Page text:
Thinking about poetic influences again, I went back to the first two books of poetry I ever bought: questions I asked my mother (Turnstone Press, 1987) by Di Brandt, and Journey to Yalta (Turnstone Press, 1988) by Sarah Klassen. These collections came out at a time when Mennonite writers were getting a lot of attention, which happened to be around the time I began taking poetry seriously.
For both writers, this was their first book, and the two collections are quite different in both style and tone. Brandt’s poems and prose pieces feel like they came out in a rush: without capitals or punctuation, they feel breathless, urgent. Klassen’s have a more measured pace, and use the conventions of capitals and punctuation. Brandt’s poetic voice is sometimes angry, sometimes defiant, often questioning, pushing back against the faith she grew up with. For Klassen, faith is a lens through which to view the world, and Mennonite history a story to be explored and claimed.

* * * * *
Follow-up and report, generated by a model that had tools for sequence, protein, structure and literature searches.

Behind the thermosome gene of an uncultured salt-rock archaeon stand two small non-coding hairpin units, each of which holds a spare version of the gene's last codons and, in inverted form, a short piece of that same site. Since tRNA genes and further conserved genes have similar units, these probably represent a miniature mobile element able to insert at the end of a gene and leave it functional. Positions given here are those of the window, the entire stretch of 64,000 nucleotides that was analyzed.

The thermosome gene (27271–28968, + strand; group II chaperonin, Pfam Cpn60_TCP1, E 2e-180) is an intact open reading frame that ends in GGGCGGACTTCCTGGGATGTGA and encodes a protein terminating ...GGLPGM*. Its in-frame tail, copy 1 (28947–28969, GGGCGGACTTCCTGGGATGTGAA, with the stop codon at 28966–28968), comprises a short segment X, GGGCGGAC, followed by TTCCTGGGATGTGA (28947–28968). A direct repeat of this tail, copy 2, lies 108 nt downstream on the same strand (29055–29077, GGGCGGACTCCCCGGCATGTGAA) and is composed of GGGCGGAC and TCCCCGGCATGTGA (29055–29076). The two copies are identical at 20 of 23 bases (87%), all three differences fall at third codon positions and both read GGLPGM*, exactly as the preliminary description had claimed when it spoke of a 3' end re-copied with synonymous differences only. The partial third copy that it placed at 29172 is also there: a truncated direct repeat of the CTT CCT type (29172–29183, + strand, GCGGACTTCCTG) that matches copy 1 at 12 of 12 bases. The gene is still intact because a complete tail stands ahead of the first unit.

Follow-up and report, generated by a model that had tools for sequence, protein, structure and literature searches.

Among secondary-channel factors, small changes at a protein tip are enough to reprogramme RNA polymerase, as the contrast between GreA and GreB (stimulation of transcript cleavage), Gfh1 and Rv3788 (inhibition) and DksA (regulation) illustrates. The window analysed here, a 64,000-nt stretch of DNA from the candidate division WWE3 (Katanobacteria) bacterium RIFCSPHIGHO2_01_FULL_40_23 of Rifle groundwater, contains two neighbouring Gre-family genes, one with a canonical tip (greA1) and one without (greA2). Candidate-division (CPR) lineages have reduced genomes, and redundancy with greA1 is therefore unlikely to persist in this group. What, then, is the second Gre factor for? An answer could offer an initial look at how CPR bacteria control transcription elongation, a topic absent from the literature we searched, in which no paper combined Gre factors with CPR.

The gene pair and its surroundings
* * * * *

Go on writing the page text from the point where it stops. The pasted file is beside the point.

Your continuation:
What I found remarkable in questions i asked my mother is how Brandt mingled the spiritual and the sensual. She was, I’m sure, deliberately asserting the value of the material and physical, over against the church’s tendency to value the spiritual over the earthly. It felt daring to me at the time; I couldn’t have written that way myself, but I admired it.
In Journey to Yalta, the poems in the middle section are all based on biblical characters—which, in our highly secularized culture, is just as daring. Her poems take biblical narratives already rich in imagery, and pull us in so close we can feel, through vivid sensory language, both the force of the prophets’ words and how it felt for them to bear that message.
In both of these collections, the poems echo beyond themselves, through biblical and literary allusions. They elevate ordinary things, making them almost mythical. Different as they are, both books gave me a sense of possibility.